In the first place, contrary to the general opinion, condensed steam does not always furnish pure distilled water. The drip from the cylinders of steam engines is never fit for use, not being half so good as ordinary rainwater. In preparing dis-tilled water, the directions generally given to reject the portion that first comes over should never be omitted.

The best water from which to prepare the distilled article is, in my opinion, good clear well water. Rainwater is generally well loaded with organic matter, and holds generous quantities of ammonia in solution. Ammonia, of course, distils over, and this impurity the Pharmacopoeia does not permit. Prof. Lloyd once said that' in order to prepare an acceptable article of distilled water from the city at Cincinnati, it was necessary to distil 3 to 4 times from an ordinary apparatus; but that now, by carrying a stand pipe to the third storey of his factory, the product obtained was good.



The following procedure in distilling and storing will never fail to give satisfaction. Say the still is of 5 gal. capacity, not more than 4 should fever be distilled therein: take then 4 1/4gal. of good clear well water; boil violently in a bright tin vessel for 10 minutes - this drives off almost the last trace of ammonia; then introduce into the perfectly clean still; start. the process; reject the first 1/2 gal., and save the succeeding 2 1/2 gal.

This is to be stored as follows: Prepare an empty carboy by boring with a rat-tail file a hole in the solder: through this hole introduce a glass siphon, made air-tight at the point of contact with the carboy by slipping over the siphon tube a piece of rubber tubing, and on the longer arm of the siphon place another piece of rubber tubing about 4 in. long, provided with a pinchcock. Into the mouth of the carboy fit a perforated cork, holding a glass tube filled with cotton; this is to be inserted as a stopper, the tube filled with cotton acting as a vent. All the air entering the carboy will be drawn through the cotton, thus being filtered perfectly free from motes. It is these motes, or dust particles, among which the seeds of the conferva exist that cause the ropiness which is to be avoided.

The distilled water in dropping from the mouth of the condenser into the receiver, as a rule, becomes contaminated with air motes, and unless these be removed before the water is finally deposited in the carboy, confervoid growths will appear.

To accomplish this, the distilled water must be brought to a boil in a bright tin vessel, the warm carboy thoroughly rinsed with it, and when, at last, the container is full, insert'the perforated stopper carrying the tube filled with cotton; start the siphon, and now, if the stopper is not removed, the entire contents may be used, as required, and not a single fleck will form therein. (J. N. Hurty.)

Food - Boracic Acidasa Preservative

Boracic acid only acts when present in large quantity. It prevents the growth and multiplication of germs, but does not kill them even in a 1 per cent, solution. Experiments with milk gave very unsatisfactory results, as an addition of 4 per cent, boracic acid only preserved the milk for 4 days. Horseflesh may be preserved for 6 weeks by the use of 3 per cent, of the acid. Boracic acid is supposed to be harmless, but recent investigators prove it to be dangerous, as it strongly acts upon the mucous membrane of the large intestine. A dose of 4 grin, killed a large rabbit; 2 grm. made a dog very sick. The acid is much used in Sweden for preserving fish and milk, but cases of poisoning have already occurred in that country. Long continued use of the acid is not favourable to good health, and at all events its addition to milk should be prohibited. (Emmerich.)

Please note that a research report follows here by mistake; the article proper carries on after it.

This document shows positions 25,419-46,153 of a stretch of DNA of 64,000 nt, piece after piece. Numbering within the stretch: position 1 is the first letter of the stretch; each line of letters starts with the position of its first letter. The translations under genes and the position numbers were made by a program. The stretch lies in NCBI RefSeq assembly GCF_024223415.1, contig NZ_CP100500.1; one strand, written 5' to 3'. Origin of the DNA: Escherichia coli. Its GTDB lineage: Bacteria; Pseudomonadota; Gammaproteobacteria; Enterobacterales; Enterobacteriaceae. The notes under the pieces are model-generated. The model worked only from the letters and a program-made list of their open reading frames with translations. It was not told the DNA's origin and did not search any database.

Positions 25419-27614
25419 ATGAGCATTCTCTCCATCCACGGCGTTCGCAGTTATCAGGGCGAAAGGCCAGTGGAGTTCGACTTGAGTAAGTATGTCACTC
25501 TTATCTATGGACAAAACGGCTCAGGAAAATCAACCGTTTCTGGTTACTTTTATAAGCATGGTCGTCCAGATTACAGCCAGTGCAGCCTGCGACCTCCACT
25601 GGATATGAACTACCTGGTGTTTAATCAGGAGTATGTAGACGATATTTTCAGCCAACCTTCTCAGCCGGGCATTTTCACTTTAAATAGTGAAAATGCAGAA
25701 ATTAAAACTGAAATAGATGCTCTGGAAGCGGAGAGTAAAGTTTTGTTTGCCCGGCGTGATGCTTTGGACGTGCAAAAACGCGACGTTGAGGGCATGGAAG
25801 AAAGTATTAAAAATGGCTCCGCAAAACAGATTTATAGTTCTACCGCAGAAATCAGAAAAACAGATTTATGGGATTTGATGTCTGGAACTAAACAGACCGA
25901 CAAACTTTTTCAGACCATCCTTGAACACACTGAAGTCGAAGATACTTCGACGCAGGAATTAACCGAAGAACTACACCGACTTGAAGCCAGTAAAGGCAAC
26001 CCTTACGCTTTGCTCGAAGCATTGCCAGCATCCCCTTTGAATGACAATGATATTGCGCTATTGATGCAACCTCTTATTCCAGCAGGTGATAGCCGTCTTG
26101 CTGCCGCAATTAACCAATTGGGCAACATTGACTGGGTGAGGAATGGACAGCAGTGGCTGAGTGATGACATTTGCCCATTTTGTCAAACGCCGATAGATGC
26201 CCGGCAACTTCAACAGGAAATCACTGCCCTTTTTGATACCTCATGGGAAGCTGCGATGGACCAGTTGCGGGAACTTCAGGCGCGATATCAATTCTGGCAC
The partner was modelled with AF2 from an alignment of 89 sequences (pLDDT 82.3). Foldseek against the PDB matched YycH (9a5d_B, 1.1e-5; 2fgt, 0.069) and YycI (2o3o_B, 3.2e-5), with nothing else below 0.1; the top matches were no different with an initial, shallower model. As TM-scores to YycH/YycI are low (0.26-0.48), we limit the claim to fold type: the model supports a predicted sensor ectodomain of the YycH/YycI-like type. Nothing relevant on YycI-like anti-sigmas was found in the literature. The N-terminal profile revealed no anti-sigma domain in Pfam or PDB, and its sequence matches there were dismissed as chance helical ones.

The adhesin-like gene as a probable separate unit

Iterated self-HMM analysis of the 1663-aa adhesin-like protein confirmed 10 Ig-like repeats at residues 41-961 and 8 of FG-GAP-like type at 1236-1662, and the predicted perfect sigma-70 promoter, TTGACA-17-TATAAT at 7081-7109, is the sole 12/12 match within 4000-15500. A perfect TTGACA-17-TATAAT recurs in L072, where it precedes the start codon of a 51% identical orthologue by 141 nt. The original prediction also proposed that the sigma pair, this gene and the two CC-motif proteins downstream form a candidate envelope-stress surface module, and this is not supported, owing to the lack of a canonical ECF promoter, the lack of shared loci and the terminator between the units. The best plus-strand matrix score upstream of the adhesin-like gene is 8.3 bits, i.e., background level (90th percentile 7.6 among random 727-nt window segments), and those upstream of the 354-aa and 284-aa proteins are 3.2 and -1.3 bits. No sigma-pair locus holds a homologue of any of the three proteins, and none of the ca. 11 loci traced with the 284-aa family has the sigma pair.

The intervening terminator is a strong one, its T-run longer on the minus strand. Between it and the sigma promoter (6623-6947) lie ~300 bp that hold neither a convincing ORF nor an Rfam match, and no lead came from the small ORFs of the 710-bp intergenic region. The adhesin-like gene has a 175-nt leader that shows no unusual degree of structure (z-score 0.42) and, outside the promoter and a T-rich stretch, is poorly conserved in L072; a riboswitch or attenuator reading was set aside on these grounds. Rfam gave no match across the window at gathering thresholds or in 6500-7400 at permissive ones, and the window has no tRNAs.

"Adulteration " with Boracic Acid.- - The increasing use of boracic acid, as well as of other so-called antiseptic agents for the preservation of articles of food, is a matter which demands immediate and most serious attention. Boracic acid is generally added to milk and cream in the form of certain proprietary articles, which are sold to the trade under different fancy names. Some of the more commonly used preparations, which consist'of a mixture of boric acid (partly anhydrous and partly hydrated) with borate of soda, are added (in solution) in the proportion of at least 7 gr. of the solid substance to 1 pint of milk. In cream, it is generally added in at least double this quantity per pint. Inasmuch as both the farmer in the country and the dairyman in the town are likely to use these preparations, these amounts may be largely increased. The amounts mentioned are also very likely to be exceeded through the carelessness or Ignorance of those making use of such substances for preserving purposes.

But scanty information is to be obtained as to the action of boracic acid and borates on the human subject. These substances do not appear to have been much used as internal remedies, and, accordingly, but little information as to their action is to be found in the text-book 8. One authority states fiat borax acts as a mild alkali on the alimentary canal; tending to render the fluids alkaline, and to cause diuresis; that it checks fermentation due to organisms, and is used as a diuretic and antacid. Another eminent authority who was consulted in connection with the report previously alluded to refers to the tendency of these substances to set up diarrhoea, a disease very prevalent in hot weather, when the preservatives are most used to prevent the change which milk and cream are apt to undergo rapidly at a high atmospheric temperature. The medicinal dose of the acid as laid down in the British Pharmacopoeia for' an adult ranges from 5 to 30 gr., and, on the authority of Dr. Dudfield, and of others, it may be computed that 1/12 of the quantity, say a maximum of 2 1/2 gr. would be a suitable dose for a child under one year.